|Registry:||Fondation Aga Khan|
|Priority #:||153 - Fondation Aga Khan|
|Parked Domain %:||50.0 %|
|Delegation:||17 April 2016|
Mission and Purpose
Excerpted from the public response to question 18a in the gTLD application:
"The .IMAMAT TLD is being sought as a way to bring together on-line activities of the Ismaili Imamat. By way of context, the following provides some historical background to the institution of the Ismaili Imamat.
Throughout their history, the Ismailis have been led by a living, hereditary Imam. They trace the line of Imamat in hereditary succession from Ali, the cousin and son-in-law of Prophet Muhammad (may peace be upon him). The followers of Ali, or Shia, already in existence during the lifetime of the Prophet, maintained that while the revelation ceased at the Prophet’s death, the need for spiritual and moral guidance of the community continued. They firmly believed that the legacy of Prophet Muhammad could only be entrusted to a member of his own family, in whom the Prophet had invested his authority through designation before his death. That person was Ali, Prophet Muhammad’s cousin, the husband of his daughter and only surviving child, Fatima. The institution of Imamat was to continue thereafter on a hereditary basis, succession being based on designation by the Imam of the Time.
In time, the Shia were sub-divided. The Ismailis are the second largest Shia Muslim community. The Ismailis gave their allegiance to Imam Jafar as-Sadiq’s eldest son Ismail, from whom they derive their name. The Ismailis trace the line of Imamat in continuing hereditary succession from Ismail to His Highness Prince Karim Aga Khan, who is their present, 49th Imam in direct lineal descent from Prophet Muhammad.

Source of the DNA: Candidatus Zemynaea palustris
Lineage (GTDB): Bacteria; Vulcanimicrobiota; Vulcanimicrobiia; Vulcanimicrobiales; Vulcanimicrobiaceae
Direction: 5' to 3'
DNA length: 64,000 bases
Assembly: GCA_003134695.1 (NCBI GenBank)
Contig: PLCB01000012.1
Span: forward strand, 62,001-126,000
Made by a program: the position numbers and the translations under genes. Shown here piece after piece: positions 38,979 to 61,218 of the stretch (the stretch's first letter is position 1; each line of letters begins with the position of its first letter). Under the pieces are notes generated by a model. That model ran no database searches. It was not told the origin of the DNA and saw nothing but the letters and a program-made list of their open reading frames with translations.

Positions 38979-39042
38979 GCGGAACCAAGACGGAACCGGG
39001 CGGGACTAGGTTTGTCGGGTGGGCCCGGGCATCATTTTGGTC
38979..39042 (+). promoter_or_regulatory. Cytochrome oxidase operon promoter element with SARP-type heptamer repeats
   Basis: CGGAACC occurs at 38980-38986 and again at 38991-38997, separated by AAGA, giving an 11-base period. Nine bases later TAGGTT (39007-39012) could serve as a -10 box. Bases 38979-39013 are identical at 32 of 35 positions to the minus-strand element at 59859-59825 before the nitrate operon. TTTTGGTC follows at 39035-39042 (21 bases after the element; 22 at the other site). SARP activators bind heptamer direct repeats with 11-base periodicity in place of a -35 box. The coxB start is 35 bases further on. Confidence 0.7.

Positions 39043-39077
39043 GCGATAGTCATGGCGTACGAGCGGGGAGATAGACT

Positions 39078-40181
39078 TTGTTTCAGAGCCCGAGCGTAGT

The Ismailis are the only Shia Muslims to have a living hereditary Imam; it is the presence of the living Imam that makes the Ismaili Imamat unique. Hence the term “Imamat” refers to more than just the concept of Imamat, but rather to the institution of the Ismaili Imamat, which today encompasses numerous activities and organisations, including the institutions of the Ismaili Muslim community around the world and the agencies of the Aga Khan Development Network (AKDN).
The Aga Khan Development Network is a group of private, international, non-denominational agencies working to improve living conditions and opportunities for people in some of the poorest parts of the developing world, in Central Asia, South Asia, Africa and the Middle East. AKDN institutions serve mandates in education (pre school to tertiary including research); health (from primary to tertiary care, including teaching and research); culture; rural development; human habitat; crises response; micro finance; and economic development."
Saudi Arabia's Communications and Information Technology Commission (CITC) filed an objection against the TLD.